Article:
17 April 2009

Trial by jury "an inalienable civil liberty"? Not in Scotland...

Interesting “exclusive” in the Herald today, discussing jury trials in Scotland in the context of the Chief Executive of the Scottish Criminal Cases Review Commission, Gerard Sinclair, suggesting that:

“a debate is required on the future validity of juries in certain cases, as trials become increasingly complex and background information is available on the internet at the touch of a button.”

And a fine lot of inaccurate – but culturally profoundly interesting - curmudgeonly ballyhoo the Herald editorial dredges up. It begins on a stirring note, summoning the reader to traditional authenticity:

“The right to be judged by ordinary citizens has long been regarded as an inalienable civil liberty and the cornerstone of Scotland’s criminal justice system…”

Unfortunately, this is … er … codswollop. Some folks would of course, and not without reason, advocate a much wider role for what lawyers unctuously refer to as “lay participation” by empowering juries to make decisions in our courts. Alienable, however, that natural right has proved. The journos at the Herald are correct to suggest that “In courts of solemn (as opposed to summary) jurisdiction, which handle serious cases, there is always a jury. The only exception was the Lockerbie prosecution, which because of the special circumstances of the case, was heard before three Scottish judges sitting in Holland without a jury.” However, it is crucial to emphasise that the requirement for a jury trial in Scotland is not due to a vested right in the accused to be tried by a jury of his or her “peers”.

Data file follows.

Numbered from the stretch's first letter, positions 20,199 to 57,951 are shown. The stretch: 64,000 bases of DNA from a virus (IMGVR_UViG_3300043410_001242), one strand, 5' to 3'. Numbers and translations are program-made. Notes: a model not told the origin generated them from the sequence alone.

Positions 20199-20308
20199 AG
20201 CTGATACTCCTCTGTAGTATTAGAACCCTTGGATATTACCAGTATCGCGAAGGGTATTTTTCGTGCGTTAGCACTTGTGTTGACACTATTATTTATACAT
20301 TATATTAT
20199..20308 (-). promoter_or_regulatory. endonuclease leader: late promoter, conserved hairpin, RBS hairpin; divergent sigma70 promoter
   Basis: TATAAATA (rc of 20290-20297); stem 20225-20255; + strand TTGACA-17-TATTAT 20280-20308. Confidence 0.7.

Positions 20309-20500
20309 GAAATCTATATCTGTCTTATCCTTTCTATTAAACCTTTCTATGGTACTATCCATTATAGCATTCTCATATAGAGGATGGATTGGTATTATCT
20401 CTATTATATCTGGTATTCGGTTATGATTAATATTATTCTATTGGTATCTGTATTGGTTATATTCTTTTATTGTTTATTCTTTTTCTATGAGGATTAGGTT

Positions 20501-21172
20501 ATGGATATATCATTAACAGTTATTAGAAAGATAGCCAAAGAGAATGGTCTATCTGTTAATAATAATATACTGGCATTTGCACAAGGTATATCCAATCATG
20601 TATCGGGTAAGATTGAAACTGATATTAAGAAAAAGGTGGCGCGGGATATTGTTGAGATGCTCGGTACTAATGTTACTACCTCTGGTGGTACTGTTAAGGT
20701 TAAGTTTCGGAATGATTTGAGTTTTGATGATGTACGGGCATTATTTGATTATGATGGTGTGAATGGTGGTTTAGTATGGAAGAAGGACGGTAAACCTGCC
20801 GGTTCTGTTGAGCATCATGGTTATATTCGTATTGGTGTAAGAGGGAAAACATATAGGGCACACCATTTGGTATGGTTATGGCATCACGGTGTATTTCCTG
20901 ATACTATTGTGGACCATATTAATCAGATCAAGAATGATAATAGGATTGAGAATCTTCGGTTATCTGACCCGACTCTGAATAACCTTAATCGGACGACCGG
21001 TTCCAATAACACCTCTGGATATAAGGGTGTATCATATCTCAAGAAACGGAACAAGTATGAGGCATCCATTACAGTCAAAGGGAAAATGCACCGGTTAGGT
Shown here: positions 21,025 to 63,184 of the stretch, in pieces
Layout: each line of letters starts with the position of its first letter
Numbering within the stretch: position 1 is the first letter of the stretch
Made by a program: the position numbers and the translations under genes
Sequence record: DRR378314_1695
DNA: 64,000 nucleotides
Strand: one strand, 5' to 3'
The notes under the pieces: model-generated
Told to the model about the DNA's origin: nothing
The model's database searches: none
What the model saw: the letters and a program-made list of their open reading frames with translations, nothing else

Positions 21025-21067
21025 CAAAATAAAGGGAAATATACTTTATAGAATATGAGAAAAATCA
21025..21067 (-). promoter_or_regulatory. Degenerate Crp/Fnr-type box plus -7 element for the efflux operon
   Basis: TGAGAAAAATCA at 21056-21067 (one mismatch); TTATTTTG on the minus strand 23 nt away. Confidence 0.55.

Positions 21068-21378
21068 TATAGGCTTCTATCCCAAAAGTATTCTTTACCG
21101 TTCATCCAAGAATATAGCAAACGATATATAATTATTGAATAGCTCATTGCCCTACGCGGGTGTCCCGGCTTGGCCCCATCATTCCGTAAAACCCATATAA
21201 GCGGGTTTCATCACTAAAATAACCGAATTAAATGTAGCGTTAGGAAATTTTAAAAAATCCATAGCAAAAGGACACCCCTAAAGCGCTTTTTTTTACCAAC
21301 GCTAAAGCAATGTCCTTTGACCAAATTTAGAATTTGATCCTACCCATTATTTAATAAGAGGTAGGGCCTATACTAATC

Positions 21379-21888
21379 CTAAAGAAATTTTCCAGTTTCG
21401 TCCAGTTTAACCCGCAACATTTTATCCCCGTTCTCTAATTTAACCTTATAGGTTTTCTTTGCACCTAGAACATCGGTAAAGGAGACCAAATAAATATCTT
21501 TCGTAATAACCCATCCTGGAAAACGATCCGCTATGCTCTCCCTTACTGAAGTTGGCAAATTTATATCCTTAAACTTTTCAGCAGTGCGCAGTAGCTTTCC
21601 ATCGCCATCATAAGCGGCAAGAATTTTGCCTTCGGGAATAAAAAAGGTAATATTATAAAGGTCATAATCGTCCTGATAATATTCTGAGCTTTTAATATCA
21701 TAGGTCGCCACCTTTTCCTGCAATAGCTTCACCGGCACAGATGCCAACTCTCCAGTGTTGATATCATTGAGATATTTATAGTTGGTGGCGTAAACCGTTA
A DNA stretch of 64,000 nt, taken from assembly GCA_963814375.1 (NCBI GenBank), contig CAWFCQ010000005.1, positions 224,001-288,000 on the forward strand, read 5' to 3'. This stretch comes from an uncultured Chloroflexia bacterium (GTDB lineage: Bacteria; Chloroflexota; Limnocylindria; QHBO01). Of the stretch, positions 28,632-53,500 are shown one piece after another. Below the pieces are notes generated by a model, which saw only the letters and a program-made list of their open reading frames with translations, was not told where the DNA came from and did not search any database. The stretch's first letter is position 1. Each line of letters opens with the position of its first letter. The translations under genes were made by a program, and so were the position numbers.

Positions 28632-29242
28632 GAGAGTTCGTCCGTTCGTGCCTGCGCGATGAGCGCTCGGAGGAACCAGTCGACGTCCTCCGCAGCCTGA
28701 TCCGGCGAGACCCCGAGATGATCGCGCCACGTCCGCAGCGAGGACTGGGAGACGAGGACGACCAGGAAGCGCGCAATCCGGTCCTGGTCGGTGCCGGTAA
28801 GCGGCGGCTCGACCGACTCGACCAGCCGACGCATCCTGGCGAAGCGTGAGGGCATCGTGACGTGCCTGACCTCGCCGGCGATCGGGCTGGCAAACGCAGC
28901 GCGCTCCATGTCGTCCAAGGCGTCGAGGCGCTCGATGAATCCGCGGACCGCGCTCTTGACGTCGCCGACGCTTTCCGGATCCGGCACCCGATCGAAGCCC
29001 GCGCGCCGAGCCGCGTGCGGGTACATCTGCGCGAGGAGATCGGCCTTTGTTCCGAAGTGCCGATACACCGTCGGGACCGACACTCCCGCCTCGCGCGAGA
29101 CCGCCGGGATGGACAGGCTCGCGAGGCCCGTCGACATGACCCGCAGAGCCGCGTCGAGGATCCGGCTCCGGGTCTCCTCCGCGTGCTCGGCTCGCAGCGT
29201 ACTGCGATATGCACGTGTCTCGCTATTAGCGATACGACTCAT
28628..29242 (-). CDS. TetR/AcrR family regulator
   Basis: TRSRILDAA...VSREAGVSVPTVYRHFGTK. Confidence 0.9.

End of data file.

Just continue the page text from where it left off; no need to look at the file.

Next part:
Rather, it is a question of competence of the tribunal to try particular cases at all. For example, statute directs that some offences can only be tried summarily. More traditionally, jurisdiction over the group of offences which are described as Pleas of the Crown – most prominently including treason, murder, rape – is exclusively located in the High Court of Justiciary in Scots Law, and hence, trial by jury. As the name suggests, the pleas are more concerned with the nature of the offence indicted than the rights of the accused.

Outside of these limitations, in Scotland the prosecutor has exclusive entitlement to determine the forum in which a particular prosecution will be pursued. This is in contrast to England, and its category of so-called “either way” offences where the defendant can submit to trial by a bench of magistrates or in the alternative, can choose to be tried by those peers everyone is so keen on. Insofar as Scots believe in general they are entitled to be tried by jury, they are being misled. The lyrical but waxy nonsense spouted by the Herald today only tends to confirm these mistaken apprehensions. Moreover, the editorial plucks upon a familiar string of a familiar English legal controversy – fraud trials – and thrusts a rhetorical wedge towards the reader, inviting them to apprehend its solidity:

“If juries are abandoned for fraud trials, could it be the thin end of the wedge? Trials of terrorist suspects and health and safety crimes are often just as long. By all means let us debate this issue. However, the principle of trial by one’s peers is too important to sacrifice on the altar of efficiency.”

This too, I’m afraid, is quite misleading. Bolting horses, come to mind. Gates long fallen off their hinges. Fat end of the wedge firmly … er … what was that metaphor again? In 1999, Peter Duff pointed out in his article The Scottish Criminal Jury: A Very Peculiar Institution that 92.3% of contested cases in Scotland – where the accused does not plead guilty – were heard and decided upon without a jury. This amounts to the curious fact that, according to Duff’s analysis, that fewer than one in a hundred of all persons accused of crime have their fate determined by a jury.